However, Chrome extensions have some additional powers: they can interact with any other open tab and inject code into it. You do this by using chrome.tabs and chrome.scripting APIs. In my project, I only needed access to my bank account page, so I could scrape the data that I was looking for. To do this, first I used a tab reference:

let [tab] = await chrome.tabs.query({ active: true, currentWindow: true });

This line of code lets you access the currently open tab.

Next, I had to execute my scrapping code on this tab:

return chrome.scripting.executeScript({
    target: { tabId: tab.id },
    func: scrapData,
    args: [className]
}).then((res) => {
    return res[0].result;
});

This code runs the scrapData function in the open tab. One important thing is that the ScrapData function gets executed inside this tab’s context, so assigning any values through this won’t work. Also, if you want to use any variables "outside" of the tab, you need to declare them in the "args" attribute. In my case, I wanted to pass the class name of the element that will be checked on the bank page. I think that this class can change when my bank updates its app, so I want to be able to also change it in my extension’s UI.

The other place where writing extensions differs a little from writing web pages is data persistence. When writing Chrome extensions, you should use the chrome.storage API. Here you have access to storage.local and storage.session objects, which behave the same way as localStorage and sessionStorage in web development. One additional feature is the storage.sync object. It lets you sync the data to any Chrome browser that the user is logged into. If the user has syncing disabled, it behaves like storage.local.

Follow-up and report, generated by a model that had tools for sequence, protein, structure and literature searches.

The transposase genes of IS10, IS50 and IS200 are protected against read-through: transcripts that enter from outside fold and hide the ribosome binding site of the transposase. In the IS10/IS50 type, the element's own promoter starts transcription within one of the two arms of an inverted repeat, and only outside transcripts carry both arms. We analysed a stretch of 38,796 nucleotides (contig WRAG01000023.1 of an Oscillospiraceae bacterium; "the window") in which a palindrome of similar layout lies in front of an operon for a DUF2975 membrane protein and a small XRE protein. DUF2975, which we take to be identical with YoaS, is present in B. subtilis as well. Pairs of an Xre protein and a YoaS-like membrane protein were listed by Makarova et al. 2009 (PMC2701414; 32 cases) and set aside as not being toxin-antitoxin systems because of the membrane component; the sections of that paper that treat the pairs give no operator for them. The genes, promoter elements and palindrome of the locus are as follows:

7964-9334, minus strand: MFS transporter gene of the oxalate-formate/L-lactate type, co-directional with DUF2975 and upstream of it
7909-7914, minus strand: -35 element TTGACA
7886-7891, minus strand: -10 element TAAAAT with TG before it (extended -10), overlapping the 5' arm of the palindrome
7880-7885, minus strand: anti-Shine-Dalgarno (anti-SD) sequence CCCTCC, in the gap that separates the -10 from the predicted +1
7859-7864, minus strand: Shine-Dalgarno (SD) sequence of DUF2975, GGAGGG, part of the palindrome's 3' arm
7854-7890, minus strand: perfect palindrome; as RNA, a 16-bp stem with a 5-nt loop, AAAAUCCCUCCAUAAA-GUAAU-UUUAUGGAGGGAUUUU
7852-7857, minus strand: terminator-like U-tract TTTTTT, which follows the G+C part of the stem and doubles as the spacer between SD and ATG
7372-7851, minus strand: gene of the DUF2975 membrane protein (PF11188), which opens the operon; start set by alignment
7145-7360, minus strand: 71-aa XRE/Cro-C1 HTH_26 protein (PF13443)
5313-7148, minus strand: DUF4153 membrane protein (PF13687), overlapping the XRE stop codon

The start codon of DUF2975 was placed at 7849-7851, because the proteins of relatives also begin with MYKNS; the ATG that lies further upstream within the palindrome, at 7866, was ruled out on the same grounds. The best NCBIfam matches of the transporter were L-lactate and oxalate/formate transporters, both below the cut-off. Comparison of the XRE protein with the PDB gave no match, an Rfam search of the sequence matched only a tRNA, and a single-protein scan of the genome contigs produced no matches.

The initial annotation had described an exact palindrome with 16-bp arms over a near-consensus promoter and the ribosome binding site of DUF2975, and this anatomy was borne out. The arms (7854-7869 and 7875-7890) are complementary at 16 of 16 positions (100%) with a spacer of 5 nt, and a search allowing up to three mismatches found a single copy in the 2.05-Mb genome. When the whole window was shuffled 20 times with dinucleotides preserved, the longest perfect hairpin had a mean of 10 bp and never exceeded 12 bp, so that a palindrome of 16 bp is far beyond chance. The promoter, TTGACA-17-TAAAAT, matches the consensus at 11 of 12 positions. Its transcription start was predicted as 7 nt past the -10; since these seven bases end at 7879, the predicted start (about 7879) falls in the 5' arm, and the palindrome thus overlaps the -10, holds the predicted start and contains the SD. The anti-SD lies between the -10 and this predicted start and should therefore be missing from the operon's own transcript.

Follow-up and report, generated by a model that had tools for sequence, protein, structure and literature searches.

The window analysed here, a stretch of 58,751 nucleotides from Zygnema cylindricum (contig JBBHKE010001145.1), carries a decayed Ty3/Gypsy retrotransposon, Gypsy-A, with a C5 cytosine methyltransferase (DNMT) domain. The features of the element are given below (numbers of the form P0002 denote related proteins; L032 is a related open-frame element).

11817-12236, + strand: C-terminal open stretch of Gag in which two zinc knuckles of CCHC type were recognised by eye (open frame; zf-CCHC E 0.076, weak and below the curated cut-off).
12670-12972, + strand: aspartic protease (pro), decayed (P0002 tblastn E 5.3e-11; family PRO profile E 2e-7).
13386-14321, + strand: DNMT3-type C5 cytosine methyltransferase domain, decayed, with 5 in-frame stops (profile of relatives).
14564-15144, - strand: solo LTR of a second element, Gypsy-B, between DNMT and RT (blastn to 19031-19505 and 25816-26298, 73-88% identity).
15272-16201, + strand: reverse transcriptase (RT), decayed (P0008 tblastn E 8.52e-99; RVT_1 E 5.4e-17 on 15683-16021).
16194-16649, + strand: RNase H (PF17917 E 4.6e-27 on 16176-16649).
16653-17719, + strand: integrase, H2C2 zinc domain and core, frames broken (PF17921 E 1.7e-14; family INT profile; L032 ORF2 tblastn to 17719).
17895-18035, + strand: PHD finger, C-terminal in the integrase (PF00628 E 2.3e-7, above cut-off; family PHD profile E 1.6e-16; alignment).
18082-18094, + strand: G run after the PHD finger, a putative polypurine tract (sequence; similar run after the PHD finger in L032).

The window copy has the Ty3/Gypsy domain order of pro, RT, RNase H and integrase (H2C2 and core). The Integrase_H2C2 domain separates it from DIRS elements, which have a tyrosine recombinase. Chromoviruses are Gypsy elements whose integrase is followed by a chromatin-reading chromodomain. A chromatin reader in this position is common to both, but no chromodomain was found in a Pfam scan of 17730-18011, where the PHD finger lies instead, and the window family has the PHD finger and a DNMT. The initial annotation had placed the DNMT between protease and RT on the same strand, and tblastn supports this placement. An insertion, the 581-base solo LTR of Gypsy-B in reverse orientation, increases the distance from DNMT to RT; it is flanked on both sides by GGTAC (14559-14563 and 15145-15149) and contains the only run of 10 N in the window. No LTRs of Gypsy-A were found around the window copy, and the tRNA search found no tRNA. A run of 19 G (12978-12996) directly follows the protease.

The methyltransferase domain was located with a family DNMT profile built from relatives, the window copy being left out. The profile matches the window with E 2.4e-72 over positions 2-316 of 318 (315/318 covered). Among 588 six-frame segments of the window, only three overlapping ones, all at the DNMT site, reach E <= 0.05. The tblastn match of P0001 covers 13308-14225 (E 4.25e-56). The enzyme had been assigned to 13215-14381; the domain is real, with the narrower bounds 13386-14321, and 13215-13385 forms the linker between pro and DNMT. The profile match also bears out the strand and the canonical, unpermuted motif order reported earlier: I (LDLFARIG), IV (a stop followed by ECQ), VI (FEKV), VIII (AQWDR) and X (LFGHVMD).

You can access and save your data like this:

async function loadRules() {
    return chrome.storage.sync.get("ruleSet");
}

function saveRules(ruleSet) {
    chrome.storage.sync.set({ ruleSet });
}

One thing worth noting is that the chrome.sync.get function is async, so it needs to be handled accordingly.

Overall, the process of writing my Chrome extension was more fun and easier than I anticipated. The finished product allows me to add and remove rules that describe what category and description should be assigned to each expenditure based on its value and name in my banking history.Then, based on those rules, I can generate CSV data that is fully compatible with my spreadsheet. This tool does not look flashy, but it gets the job done.

chrome extension

If you would like to go through the code, it is available here. And if you’re an mBank customer and would find my script helpful, feel free to pull the code and use it yourself.

This post is not a tutorial. Chrome extensions can do much more than what I described here. If you want a more in-depth look at the features that I touched upon here, Google has well-written documentation.

So if you've been wanting to try your hand at creating your own Chrome extension, I hope I've convinced you to do it.

Antoni Smoliński
Frontend Developer

Check my Linkedin